SAN FRANCISCO, Jun 27 (IPS) – A recent Justice Department report concluded that “systemic” racial bias in the Minneapolis Police Department “made what happened to George Floyd possible.”
In the three years since Floyd was brutally murdered by a white police officer, discussions nationwide about systemic racism have expanded far beyond focusing on law enforcement to also assess a variety of other government functions.
But that scrutiny stops at the water’s edge, stopping short of investigating whether racism has been a factor in US military interventions abroad. Hidden in plain sight is the fact that virtually everyone killed by American firepower in the “war on terror” for more than two decades has been people of color. This remarkable fact goes unnoticed in a country where, in stark contrast, the racial aspects of domestic policies and outcomes are constant themes of public discourse. Certainly the United States does not attack a country because people of color live there. But when people of color live there, it is politically easier for American leaders to subject them to war, due to the institutional racism and often unconscious bias that is common in the United States. Racial inequities and injustices are painfully evident in domestic contexts, from the police and courts to legislative bodies, financial systems and economic structures. A nation so deeply affected by individual and structural racism at home is likely to be affected by such racism in its approach to war. Many Americans recognize that racism exerts a significant influence on their society and many of its institutions. Yet the extensive political debates and media coverage devoted to US foreign policy and military affairs rarely mention, let alone explore the implications of, the reality that the several hundred thousand civilians directly killed in America’s “war on terror” have been almost entirely people of color The flip side of the biases that facilitate public acceptance of waging war on non-whites came to light when Russia invaded Ukraine in early 2022. News coverage included reports that war victims “have blue eyes and blonde hair” and “look like us.” ”said Lorraine Ali, television critic for the Los Angeles Times.
“Writers who had previously addressed conflicts in the Gulf region, often focusing on geopolitical strategy and employing moral abstractions, seemed for the first time to empathize with the plight of civilians.” Such empathy is too often skewed by the race and ethnicity of the people killed. The Association of Arab and Middle Eastern Journalists has deplored “the pervasive mindset in Western journalism to normalize tragedy in parts of the world such as the Middle East, Africa, South Asia and Latin America. It dehumanizes and makes their experience of war something normal and expected.” A modern version of what WEB Du Bois called, 120 years ago, “the problem of the color line: the relation of the darker races to the lighter ones” persists today. The global power alignments and geopolitical agendas of the 21st century have propelled the United States into a seemingly endless war in countries where few white people live. Racial, cultural, and religious differences have made it all too easy for most Americans to think of the victims of the US war efforts in Iraq, Afghanistan, Syria, Libya, and elsewhere as “the other.”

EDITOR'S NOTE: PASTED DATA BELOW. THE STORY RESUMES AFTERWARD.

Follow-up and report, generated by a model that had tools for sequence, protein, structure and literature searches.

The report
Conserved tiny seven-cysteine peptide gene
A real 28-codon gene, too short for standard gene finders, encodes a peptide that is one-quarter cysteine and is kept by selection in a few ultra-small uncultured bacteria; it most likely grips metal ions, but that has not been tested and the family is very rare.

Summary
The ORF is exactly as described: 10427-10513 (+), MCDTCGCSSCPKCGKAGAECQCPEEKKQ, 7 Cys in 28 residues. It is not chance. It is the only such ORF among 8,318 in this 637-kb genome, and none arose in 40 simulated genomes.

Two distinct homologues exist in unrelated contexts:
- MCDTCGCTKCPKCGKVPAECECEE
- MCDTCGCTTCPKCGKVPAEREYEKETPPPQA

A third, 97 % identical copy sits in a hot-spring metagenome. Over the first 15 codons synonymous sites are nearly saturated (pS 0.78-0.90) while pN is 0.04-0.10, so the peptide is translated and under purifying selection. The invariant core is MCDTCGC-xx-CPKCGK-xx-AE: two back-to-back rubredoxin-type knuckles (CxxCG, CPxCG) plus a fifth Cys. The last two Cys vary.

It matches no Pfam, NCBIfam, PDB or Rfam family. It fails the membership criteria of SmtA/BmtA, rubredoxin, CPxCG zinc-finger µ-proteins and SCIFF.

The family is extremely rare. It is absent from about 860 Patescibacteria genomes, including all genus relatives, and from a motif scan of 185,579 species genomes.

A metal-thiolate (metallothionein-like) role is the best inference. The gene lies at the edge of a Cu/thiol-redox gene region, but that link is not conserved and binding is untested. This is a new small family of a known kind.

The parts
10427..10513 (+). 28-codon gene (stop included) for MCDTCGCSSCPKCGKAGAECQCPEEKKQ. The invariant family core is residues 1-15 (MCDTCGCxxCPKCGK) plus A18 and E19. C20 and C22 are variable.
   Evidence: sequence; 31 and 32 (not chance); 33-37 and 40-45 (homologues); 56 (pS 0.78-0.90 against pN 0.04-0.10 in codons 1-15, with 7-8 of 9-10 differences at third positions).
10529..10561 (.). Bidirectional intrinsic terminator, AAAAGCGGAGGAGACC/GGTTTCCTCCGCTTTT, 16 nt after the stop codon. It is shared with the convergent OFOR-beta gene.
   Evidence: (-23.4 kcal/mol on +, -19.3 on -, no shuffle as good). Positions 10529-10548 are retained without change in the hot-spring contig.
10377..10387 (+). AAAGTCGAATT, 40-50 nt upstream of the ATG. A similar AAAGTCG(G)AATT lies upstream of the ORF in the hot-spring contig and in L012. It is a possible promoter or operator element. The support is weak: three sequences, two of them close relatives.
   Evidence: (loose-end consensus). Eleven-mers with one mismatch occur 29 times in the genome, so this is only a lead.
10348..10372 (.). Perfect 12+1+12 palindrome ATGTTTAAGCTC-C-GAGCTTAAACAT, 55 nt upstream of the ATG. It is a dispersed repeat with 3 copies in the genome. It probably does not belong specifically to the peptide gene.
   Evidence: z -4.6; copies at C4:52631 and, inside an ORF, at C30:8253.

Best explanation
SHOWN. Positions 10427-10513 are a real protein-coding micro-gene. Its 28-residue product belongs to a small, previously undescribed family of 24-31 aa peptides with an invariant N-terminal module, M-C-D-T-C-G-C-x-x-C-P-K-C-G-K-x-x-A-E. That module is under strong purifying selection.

Their suffering is far more likely to be seen as merely regrettable or inconsequential rather than heartbreaking or unacceptable. What Du Bois called “the color line problem” keeps empathy to a minimum. “The history of American wars in Asia, the Middle East, Africa, and Latin America has exuded a stench of white supremacy, discounting the value of lives on the other end of American bullets, bombs, and missiles,” I concluded in my new book. . war made invisible. “Yet racial factors in war decisions receive very little mention in the US media and virtually none in the political world from officials in Washington.” At the same time, on the surface, Washington’s foreign policy may seem like a model of interracial connection. Like presidents before him, Joe Biden has reached out to foreign leaders of different races, religions and cultures, such as when he punched Saudi Arabia’s de facto ruler, Crown Prince Mohammed bin Salman, at their summit ago. a year, while dismissing alleged human rights. rights concerns in the process. In general, in the US political and media arenas, people of color who have suffered from US wars abroad have been relegated to a kind of psychological apartheid: separate, unequal, and implicitly unimportant.
And so, when Pentagon forces kill them, systemic racism makes it less likely that Americans really care.
norman solomon is the national director of RootsAction.org and executive director of the Institute for Public Accuracy. He is the author of a dozen books, including War Made Easy. His latest book, War Made Invisible: How America Hides the Human Toll of Its Military Machine, was published in June 2023 by The New Press.
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© Inter Press Service (2023) — All rights reservedOriginal source: Inter Press Service